Atlanta automotive particulate matter exposure and evaluation
Boswell, Colin R.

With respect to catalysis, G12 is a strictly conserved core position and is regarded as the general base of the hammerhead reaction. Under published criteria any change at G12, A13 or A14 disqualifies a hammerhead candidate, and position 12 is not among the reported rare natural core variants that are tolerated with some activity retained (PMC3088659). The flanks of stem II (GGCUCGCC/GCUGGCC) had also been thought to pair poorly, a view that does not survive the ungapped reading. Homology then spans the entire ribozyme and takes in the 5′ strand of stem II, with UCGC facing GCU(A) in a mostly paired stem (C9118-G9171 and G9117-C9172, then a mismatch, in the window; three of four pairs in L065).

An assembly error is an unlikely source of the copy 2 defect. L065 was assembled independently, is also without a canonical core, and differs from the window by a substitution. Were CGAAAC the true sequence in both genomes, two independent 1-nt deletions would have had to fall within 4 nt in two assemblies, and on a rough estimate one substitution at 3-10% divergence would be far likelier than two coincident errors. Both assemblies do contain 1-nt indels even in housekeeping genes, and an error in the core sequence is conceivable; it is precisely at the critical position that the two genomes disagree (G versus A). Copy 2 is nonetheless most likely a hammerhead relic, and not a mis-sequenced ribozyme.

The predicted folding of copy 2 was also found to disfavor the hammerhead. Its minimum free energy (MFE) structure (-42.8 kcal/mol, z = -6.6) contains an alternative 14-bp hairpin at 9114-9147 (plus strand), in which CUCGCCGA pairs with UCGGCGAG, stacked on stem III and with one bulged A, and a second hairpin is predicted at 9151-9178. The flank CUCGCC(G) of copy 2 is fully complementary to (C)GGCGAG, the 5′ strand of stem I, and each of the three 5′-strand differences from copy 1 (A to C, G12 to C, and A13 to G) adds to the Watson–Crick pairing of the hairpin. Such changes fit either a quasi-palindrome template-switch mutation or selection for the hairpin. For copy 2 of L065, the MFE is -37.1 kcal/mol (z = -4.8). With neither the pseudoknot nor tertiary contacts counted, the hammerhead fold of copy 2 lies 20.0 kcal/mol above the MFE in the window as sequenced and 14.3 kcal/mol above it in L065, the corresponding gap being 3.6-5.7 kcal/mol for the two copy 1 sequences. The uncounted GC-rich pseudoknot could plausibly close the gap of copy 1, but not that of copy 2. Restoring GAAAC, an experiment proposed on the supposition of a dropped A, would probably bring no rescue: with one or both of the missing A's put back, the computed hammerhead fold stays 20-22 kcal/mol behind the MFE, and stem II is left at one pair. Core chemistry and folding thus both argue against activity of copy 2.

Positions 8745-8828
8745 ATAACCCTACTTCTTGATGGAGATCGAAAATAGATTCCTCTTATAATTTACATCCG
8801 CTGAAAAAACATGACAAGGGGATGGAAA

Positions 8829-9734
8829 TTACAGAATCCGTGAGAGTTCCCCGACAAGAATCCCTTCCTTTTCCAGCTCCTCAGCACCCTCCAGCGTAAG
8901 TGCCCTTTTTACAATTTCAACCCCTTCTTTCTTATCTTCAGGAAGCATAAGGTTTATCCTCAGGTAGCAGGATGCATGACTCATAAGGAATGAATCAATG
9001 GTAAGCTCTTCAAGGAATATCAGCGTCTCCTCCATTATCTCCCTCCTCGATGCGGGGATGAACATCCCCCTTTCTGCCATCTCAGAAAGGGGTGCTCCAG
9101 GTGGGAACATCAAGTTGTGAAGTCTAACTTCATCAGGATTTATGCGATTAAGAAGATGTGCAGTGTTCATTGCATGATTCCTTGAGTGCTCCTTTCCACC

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The following thesis titled, Atlanta Automotive Particulate Matter Exposure and Evaluation, presents data obtained as a part of a joint project with Emory University, Rollin's School of Public Health. The Atlanta Commuters Exposure (ACE) Study uses both real-time and time-integrated sampling techniques for ambient aerosol concentrations. The ACE study is unique in that it will correlate the ambient aerosol concentrations with the concurrent health measurements. The primary objective of this thesis is to measure the concentration, size distribution and the chemical composition of PM2.5 inside the vehicle cabin for several commuters. The vehicles followed a scripted route along roadways in the Atlanta metropolitan region during periods of peak traffic volume, while the compact air sampling package of both real-time and time-integrated instruments recorded data. Real-time measurements for Particulate Matter (PM) were made using compact Optical Particle Counters (OPC), a Condensation Particle Counter, and a MicroAethalometer. The time-integrated measurements for Elemental Carbon (EC), Organic Carbon (OC), Water Soluble Organic Carbon (WSOC), particulate elemental concentrations, and speciated organics required filter collection methods. Thus a compact air-sampling package was created to combine both sets of real-time and time-integrated instruments. The following results are presented for the first four commutes. The framework for analyzing and presenting results is developed, and will be used for future commutes.